The web team here at Canonical run two-week iterations. Here are some of the highlights of our completed work from this iteration.
Meet the team
My name is Kit and I live at the bottom of the earth in Dunedin, New Zealand where I manage the MAAS frontend, engineering team. Currently, we’re working on new features for MAAS 2.9 including cloud-init support, release notifications and an improved KVM experience with better support for NUMA and SR-IOV. In addition to new features, we’re in the process of migrating the MAAS UI from AngularJS to React+Redux+TypeScript.
In my free time, I enjoy songwriting, reading contemporary fiction, baking and minding my menagerie of mad beasts.
New Ubuntu Advantage subscription flow
We are currently working on an integrated subscription builder on ubuntu.com to replace shop.ubuntu.com. This UA subscription builder will have a cart feature and payment and management all available from within the ubuntu.com/advantage UI.
Add promotions to the download flow
To improve the awareness of the other Canonical products we have added a number of promotions which will be shown before downloading Ubuntu.
Webinars this week
Optimised authentication methods for Ubuntu Desktop
Production AI from data lake to server
New security Oval page
The security team maintains an awesome OVAL tool for analyzing any known threats. We now have information and a guide to using this tool
The Brand team develops our design strategy and creates the look and feel for the company across many touch-points, from web, documents, exhibitions, logos and video.
The new icons for our unique instance of Usabilla were finalised and implemented in this iteration.
Exploring different pictogram styles
We completed our initial explorations into a new set of pictograms. A number of different styles and colours were explored, including many variations of line and solid illustrations. We will continue to refine the preferred routes in the next few weeks.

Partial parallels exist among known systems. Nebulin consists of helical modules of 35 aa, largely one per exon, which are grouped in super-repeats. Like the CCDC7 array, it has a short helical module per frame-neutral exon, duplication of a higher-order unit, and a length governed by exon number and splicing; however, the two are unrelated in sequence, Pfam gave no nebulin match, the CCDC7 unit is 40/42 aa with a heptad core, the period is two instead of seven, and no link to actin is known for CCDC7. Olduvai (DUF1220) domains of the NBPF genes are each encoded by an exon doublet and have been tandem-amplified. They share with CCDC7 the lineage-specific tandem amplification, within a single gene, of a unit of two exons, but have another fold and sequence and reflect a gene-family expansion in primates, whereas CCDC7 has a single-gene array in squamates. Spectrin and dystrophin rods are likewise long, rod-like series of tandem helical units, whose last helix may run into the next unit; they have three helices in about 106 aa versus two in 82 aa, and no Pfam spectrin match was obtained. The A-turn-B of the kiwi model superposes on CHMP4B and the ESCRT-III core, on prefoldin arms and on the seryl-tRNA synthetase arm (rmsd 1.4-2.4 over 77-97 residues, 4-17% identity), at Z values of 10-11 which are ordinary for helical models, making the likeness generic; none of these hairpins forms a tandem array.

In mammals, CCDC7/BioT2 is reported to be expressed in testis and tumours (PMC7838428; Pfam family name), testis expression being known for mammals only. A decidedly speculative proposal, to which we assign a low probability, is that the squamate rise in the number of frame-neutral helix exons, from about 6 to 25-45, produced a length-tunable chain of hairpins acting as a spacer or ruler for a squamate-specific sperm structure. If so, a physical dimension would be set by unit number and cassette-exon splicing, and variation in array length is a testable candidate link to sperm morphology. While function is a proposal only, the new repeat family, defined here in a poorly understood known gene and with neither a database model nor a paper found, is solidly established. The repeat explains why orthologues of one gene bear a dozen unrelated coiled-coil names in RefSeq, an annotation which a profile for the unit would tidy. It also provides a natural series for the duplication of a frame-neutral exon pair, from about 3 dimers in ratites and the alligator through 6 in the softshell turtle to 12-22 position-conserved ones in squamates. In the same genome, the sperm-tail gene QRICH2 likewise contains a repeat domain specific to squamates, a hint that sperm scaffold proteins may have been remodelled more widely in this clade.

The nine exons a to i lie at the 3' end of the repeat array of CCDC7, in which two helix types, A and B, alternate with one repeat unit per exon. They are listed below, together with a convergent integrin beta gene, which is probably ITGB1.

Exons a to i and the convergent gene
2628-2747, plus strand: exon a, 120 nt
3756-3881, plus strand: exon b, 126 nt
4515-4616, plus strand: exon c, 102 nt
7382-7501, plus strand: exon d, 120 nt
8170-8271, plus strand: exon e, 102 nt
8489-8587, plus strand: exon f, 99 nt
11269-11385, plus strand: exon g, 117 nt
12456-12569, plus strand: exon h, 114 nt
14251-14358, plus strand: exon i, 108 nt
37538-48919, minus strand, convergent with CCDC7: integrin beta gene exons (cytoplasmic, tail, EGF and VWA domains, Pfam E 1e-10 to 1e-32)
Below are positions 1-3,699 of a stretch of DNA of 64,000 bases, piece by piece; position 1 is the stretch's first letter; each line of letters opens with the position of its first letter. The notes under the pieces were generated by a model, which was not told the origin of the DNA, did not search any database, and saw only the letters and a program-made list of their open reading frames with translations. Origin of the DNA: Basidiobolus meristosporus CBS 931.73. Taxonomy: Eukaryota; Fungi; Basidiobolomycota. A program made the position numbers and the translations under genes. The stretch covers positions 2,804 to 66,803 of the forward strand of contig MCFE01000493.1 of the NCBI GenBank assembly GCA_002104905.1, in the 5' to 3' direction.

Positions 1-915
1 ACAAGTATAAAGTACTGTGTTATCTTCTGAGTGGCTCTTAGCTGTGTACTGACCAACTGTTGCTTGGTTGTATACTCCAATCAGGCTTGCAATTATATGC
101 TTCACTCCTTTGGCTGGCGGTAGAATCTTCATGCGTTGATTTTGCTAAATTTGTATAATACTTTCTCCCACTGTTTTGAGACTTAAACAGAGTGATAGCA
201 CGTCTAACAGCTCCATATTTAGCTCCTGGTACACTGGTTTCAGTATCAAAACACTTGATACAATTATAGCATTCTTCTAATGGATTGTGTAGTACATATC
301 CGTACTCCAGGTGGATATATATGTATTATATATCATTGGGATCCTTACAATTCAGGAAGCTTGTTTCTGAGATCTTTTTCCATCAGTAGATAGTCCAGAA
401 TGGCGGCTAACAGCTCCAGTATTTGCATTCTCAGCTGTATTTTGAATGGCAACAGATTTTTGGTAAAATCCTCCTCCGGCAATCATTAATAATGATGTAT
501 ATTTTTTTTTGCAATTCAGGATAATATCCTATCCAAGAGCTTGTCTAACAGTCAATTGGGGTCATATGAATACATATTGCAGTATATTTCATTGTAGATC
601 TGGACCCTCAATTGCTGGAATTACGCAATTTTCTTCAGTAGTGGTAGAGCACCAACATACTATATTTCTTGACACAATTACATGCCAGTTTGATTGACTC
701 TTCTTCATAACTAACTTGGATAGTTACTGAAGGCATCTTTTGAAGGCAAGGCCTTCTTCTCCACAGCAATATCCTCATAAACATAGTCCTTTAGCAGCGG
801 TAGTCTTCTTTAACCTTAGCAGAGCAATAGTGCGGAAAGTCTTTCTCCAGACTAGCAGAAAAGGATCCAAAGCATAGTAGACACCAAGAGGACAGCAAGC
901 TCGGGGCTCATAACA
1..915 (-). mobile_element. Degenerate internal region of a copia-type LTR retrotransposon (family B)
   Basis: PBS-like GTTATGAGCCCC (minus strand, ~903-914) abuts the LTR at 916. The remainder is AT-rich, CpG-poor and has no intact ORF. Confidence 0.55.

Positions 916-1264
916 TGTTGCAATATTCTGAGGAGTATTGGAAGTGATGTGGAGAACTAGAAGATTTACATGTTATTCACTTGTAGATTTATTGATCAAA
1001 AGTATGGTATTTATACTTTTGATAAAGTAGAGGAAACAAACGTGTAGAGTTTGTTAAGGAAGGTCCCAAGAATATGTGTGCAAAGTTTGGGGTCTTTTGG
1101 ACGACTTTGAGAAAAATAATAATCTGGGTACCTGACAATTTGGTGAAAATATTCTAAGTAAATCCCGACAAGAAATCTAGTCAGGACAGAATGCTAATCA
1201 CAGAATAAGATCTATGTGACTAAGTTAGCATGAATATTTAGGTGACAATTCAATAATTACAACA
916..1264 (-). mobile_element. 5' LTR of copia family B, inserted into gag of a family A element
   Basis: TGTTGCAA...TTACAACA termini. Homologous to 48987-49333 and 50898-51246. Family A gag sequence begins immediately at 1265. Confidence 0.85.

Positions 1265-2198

Our colours are an important and integral part of the brand, we are exploring different ways to use them including in gradients. We tried some new combinations and variations and applied them to logos and a couple of product dashboards.
The MAAS squad develops the UI for the MAAS project.
CLI commands improvement prototype
This week, maas UX is focused on improving the CLI experience in MAAS. We’ve created a simple prototype in commanderJS, starting with 4 most basic commands as a proof of concept of 4 different outputs – help, list, commission, deploy.
Our goal is to simplify the input structure and provide outputs that are more human-readable. This version still needs a lot of refinement and polishing, but this is where we start.
The first command is our initial help page. By typing $maas or $maas –help, a user should receive an output that helps them get started quickly. The initial help command is broken down into subtopics to provide our users with a better understanding of their action.
We’ve also introduced the concept of the primary object, which in this case is `machines`. When a user performs an action against a primary object, they shouldn’t need to add a MAAS object as the second argument. Therefore,
maas list and
maas machine list should have the same output
We reduced the number of columns to these 6 columns as default, because we are aware that some users might have a smaller terminal size and we’d rather not break the viewports. A user should also have an option where they can change their output format to JSON or YAML as well
We also want to introduce a loading state to the CLI, for instance,
maas commission [MACHINE_NAME] will show a spinner while it is processing and shows a table output with a new status when it is completed.
Finally, for certain commands like deploy, where a user needs to parse a lot of arguments, we will create a more interactive experience in the CLI to help our users parse the right arguments.
Once there is an error, we will try to show the error from our event log for normal mode and bring out the file system error logs on